We woke up on Saturday, February 25th, and checked the barncam – there was a newborn lamb in the maternity stall!  Annie labored quietly and had the single lamb already cleaned off and it was standing up.  (Annie’s mother, Star, had delivered her lambs right under the baby monitor without us hearing a peep from her.)

We headed out to the barn and I was first struck by how wrinkled his skin appeared.  Then it hit me … he had no wool.  I had heard about this – in 2016 a woman on the Facebook group Goat Vet Corner posted about one of her goat kids that was born with no hair.  The vets on the page suggested he may have a condition called hypotrichosis, which is defined on wikipedia.com as “a condition of abnormal hair patterns – predominantly loss or reduction.”  Merriam-webster.com defines hypotrichosis as a “congenital deficiency of hair“.

Annie’s ram lamb was a big boy, weighing 11 pounds.  He had normal hair on his legs and tail, but very little hair on his head and no wool or kemp fibers on his torso.  We eventually named him Kyle so we wouldn’t have to call him “the lamb with no wool” or “the bald lamb”.

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As I moved the pair to a jug (a small pen for the mama and lamb/s to stay for a couple days) I noticed that the Kyle’s skin was almost sticky.  I am guessing it was residual amniotic fluid or still damp from 5 months in utero, since his skin felt normal after a couple days.

Once he was mostly dried off, we put a lamb sweater on him to help him stay warm.  We were concerned about him the first day and weren’t sure if he’d make it.  He had a bit of difficultly finding Annie’s teats to nurse and he slept flat out on his side and seemed to have trouble getting up.  We ended up dressing him in a smaller sweater so he wouldn’t step on it, and went to check on him repeatedly to help him nurse.

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By day 2 Kyle was eating and acting like a normal lamb, although he shivered a bit – remember it was February.  We hung a heat lamp on one side of the jug for him, which he slept under.

On day 3, we band our lambs’ tails and apply ear tags.  Now, Annie was almost 10 years old at this point and had had lambs 8 other years.  She’s always been a great mama and cared for her lambs, but as I handled Kyle she became very alert and every time I had my hands off of him she would pull him to her with her nose and nudge him behind her.  I found this surprising because many times when a ewe finds something “off” about her lamb, she will reject it.

After getting banded and tagged, the lambs and their mamas go back into our large maternity stall to join the other ewes.  Annie kept a watchful eye on her lamb as he ran around with the 2 other lambs that were born a couple days before him.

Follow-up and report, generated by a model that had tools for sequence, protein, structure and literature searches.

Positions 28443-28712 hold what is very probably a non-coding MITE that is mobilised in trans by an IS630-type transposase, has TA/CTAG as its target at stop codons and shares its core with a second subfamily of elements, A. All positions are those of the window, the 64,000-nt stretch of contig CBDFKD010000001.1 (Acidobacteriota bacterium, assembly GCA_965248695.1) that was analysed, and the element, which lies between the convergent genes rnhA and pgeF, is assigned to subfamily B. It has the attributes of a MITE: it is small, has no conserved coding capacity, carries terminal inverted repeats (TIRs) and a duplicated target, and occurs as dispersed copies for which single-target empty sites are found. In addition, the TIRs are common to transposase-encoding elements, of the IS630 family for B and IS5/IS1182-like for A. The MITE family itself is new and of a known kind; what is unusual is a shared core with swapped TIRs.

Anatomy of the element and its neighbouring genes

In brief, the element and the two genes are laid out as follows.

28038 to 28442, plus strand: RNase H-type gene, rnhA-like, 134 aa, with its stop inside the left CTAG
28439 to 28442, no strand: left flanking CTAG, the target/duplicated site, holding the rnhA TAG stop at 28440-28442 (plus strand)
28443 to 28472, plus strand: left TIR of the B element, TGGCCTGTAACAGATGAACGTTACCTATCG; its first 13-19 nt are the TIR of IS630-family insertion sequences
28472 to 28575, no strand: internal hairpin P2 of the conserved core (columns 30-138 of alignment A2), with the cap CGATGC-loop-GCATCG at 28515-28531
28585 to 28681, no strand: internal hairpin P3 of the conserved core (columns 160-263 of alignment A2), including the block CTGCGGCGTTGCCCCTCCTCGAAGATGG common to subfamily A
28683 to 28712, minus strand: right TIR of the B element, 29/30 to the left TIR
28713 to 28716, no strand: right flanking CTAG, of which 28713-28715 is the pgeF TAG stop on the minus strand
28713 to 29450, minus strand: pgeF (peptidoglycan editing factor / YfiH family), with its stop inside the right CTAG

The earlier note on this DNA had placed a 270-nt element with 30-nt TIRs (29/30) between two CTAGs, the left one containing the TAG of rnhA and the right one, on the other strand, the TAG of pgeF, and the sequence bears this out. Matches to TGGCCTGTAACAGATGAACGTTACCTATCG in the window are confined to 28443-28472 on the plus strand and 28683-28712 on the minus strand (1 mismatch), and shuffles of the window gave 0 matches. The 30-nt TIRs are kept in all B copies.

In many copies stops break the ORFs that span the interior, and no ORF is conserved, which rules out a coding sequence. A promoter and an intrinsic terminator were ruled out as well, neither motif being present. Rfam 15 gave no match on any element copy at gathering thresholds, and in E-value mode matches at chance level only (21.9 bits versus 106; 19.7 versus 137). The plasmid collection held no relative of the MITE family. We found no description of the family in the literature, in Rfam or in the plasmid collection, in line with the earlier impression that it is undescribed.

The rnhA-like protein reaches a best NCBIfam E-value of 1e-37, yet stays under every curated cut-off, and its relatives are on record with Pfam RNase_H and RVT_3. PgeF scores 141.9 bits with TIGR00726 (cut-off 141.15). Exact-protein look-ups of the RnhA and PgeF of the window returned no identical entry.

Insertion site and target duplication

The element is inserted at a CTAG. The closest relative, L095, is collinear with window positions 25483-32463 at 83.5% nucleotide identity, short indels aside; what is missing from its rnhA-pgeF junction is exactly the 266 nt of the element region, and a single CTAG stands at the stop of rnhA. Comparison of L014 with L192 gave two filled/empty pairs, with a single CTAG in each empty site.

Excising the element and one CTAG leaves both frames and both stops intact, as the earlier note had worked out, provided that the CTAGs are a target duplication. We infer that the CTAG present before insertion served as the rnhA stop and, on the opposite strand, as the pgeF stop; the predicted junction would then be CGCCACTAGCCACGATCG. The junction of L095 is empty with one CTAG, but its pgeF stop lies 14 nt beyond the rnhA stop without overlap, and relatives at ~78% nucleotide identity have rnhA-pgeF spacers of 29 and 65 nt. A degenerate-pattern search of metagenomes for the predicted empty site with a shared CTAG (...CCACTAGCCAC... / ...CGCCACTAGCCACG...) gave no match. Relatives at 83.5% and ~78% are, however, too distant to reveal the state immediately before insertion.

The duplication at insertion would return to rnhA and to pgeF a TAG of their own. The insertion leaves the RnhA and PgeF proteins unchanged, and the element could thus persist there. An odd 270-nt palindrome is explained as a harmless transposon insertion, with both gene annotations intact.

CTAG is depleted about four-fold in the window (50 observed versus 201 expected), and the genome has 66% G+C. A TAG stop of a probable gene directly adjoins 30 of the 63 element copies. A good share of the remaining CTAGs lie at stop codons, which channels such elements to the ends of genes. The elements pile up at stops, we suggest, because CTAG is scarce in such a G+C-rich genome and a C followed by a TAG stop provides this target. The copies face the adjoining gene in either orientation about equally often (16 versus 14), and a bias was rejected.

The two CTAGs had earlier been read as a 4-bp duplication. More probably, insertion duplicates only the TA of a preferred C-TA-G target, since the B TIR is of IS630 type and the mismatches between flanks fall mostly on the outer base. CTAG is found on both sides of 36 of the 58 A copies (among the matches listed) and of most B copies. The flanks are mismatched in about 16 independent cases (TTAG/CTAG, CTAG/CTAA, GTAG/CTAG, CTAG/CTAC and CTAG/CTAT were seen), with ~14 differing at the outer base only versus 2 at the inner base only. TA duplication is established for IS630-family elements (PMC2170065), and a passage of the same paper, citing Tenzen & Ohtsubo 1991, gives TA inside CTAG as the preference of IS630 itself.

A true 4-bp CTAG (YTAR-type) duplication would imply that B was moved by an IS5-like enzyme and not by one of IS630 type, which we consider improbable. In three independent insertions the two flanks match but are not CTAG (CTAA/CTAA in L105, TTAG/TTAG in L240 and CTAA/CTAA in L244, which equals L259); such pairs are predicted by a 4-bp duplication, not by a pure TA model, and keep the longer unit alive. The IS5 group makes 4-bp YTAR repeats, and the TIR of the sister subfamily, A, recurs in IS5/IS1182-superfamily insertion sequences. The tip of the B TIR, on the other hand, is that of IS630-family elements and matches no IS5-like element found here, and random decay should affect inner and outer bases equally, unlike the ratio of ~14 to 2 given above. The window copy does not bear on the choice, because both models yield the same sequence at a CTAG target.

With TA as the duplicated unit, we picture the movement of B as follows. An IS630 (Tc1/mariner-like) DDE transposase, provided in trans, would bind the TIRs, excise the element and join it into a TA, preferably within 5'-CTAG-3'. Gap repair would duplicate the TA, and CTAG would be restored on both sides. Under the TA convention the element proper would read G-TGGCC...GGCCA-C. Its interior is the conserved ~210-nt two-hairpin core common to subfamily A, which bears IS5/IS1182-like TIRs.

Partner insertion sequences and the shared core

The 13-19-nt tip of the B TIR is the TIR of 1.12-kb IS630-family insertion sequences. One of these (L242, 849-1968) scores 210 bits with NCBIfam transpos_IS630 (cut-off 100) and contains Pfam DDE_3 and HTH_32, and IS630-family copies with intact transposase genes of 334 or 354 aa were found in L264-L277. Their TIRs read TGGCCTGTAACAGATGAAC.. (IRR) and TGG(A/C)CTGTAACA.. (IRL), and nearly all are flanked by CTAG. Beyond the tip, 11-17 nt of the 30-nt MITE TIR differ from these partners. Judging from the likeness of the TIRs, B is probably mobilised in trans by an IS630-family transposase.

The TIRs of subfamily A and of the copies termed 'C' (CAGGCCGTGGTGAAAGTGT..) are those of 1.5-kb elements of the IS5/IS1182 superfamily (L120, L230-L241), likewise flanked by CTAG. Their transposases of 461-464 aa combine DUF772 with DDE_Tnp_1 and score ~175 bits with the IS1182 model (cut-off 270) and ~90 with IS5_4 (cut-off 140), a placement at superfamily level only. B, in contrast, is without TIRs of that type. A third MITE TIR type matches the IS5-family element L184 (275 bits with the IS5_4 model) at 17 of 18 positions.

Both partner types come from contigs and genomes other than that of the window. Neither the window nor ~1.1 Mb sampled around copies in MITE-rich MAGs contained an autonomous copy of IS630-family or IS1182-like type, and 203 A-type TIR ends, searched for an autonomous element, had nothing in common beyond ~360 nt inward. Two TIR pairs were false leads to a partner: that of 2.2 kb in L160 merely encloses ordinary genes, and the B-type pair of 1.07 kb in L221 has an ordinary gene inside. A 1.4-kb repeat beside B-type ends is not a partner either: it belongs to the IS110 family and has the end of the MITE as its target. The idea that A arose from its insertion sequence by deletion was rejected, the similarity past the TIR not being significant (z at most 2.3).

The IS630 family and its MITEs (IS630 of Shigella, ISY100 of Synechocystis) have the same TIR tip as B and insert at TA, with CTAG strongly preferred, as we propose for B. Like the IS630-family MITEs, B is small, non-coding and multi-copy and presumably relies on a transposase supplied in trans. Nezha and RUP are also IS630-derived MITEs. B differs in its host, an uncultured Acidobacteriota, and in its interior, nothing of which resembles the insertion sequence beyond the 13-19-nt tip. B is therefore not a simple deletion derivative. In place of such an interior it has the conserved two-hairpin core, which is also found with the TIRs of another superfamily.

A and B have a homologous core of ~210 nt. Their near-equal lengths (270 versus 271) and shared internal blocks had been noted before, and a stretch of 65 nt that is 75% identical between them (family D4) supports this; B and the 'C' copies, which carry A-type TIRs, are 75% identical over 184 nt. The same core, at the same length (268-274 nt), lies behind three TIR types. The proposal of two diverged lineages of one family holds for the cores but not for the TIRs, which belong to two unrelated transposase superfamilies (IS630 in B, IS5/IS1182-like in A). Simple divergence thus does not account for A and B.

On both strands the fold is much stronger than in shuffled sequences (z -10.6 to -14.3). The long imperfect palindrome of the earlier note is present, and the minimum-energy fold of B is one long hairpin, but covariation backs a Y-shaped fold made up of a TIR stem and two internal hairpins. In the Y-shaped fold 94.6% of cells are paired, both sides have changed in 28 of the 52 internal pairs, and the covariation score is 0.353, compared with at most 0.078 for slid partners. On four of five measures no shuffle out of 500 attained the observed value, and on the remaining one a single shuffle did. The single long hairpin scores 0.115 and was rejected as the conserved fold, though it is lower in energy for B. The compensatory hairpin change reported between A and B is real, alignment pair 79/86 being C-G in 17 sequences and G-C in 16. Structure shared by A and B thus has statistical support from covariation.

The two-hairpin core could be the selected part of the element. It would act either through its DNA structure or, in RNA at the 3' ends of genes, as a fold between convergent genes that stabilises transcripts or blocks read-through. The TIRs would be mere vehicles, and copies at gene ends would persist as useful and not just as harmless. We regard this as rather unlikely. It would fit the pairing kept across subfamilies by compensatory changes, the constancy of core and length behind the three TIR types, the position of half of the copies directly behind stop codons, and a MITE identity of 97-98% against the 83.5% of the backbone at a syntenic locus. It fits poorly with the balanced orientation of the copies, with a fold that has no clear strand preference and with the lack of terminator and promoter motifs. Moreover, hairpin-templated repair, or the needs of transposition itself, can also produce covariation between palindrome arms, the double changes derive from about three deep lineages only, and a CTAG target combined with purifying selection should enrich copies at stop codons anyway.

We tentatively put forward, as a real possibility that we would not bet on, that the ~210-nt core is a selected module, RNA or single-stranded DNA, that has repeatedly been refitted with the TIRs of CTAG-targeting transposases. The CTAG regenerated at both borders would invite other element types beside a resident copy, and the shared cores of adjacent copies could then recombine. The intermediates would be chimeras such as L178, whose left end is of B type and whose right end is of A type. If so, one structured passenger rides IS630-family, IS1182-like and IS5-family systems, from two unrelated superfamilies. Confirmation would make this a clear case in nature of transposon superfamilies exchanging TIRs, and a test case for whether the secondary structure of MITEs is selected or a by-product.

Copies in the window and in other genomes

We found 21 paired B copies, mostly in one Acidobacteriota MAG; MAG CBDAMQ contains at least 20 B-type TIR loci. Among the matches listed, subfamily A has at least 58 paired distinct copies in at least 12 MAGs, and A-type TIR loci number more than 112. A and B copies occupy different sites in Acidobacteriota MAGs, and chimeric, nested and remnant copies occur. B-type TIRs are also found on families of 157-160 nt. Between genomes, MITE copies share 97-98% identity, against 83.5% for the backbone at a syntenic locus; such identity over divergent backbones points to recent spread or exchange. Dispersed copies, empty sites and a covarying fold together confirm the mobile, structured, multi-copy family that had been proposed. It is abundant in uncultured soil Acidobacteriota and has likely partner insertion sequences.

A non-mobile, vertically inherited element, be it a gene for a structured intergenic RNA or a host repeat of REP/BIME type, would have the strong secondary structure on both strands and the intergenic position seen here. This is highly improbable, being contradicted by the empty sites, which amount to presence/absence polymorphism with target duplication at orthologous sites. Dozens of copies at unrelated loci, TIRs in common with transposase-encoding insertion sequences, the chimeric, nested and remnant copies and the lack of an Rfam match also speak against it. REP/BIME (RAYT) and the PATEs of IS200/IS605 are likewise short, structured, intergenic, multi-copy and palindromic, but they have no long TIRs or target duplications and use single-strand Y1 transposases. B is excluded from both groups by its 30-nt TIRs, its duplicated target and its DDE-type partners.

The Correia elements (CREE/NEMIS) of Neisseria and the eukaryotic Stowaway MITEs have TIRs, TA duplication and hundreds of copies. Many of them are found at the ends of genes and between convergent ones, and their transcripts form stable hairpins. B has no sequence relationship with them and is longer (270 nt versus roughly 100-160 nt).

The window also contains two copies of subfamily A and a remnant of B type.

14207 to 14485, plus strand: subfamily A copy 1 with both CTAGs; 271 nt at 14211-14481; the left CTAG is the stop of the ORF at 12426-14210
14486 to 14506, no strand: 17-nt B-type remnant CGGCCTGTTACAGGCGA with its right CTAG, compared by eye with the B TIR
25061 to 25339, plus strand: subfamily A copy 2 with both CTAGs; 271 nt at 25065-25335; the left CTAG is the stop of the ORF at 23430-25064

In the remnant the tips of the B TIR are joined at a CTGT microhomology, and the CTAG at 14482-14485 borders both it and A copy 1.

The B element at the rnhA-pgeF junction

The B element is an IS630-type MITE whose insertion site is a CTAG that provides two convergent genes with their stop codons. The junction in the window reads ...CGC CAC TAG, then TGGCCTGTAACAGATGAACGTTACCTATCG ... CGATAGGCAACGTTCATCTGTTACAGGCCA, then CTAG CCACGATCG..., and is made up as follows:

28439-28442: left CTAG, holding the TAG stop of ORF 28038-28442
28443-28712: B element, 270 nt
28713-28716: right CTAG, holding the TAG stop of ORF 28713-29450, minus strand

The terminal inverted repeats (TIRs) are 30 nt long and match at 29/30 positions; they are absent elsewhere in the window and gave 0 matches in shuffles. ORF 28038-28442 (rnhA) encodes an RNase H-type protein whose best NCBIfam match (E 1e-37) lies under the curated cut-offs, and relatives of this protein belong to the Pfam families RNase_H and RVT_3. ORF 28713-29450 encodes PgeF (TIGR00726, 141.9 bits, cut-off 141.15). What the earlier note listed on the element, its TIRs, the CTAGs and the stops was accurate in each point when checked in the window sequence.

Because of the temperatures in PA in February and early March, and because Kyle had no hair to protect his ears from frostbite we bought a metal drum and made a lamb warmer for him.

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The drum has a hole in the top for the heat lamp and the cord to fit through so it is stable and an opening on the side for the lambs to enter.  As you can see, Kyle wasn’t the only lamb to enjoy the warmer!

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Stay tuned for more posts on Kyle!  I will explain more about his condition and describe how he’s been growing the past few months.  Questions?  Please post them below and I will answer them as best I can.  I may also address them in future posts.

Textbook Lambing

As I stood feeding our Jersey calf his bottle last Thursday (2/23), I noticed that Bertha was pacing in a small area and sniffing the ground a lot.  I figured she was in labor – a few days earlier than I had calculated – so after Cookie was finished his bottle I decided to watch Bertha and make my first Facebook live video.  I realize not everyone is on Facebook so I wanted to share the video here, too (our farm page is public and anyone can see it).  I tried to keep it from being too graphic for folks who don’t want to see too much of the birth.

Enjoy!

Lessons from Across the Fence…

… or {more accurately} through the fence.

We brought Camille and her 2-week old ram lamb home in May 2009.  After weaning, we sold Camille’s lamb “Cameron” to Christine E. in NJ to be the herdsire for her flock.  He produced beautiful offspring, but in 2012 Christine decided not to breed her sheep.  It turns out Cameron had other ideas…

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Here’s Christine’s story:

We had Cameron and 13 ewes.  We decided not to breed, so in May 2012 we separated Cameron from the ewes in a connecting pasture separated by 4×4 mesh sheep fence.  On January 16, 2013, I noticed that one of the two-year old ewes was bagging up.  We were not set-up for lambing (had disassembled lambing pens), so we put her in my horse trailer.  Within 48 hours, she delivered 2 lambs.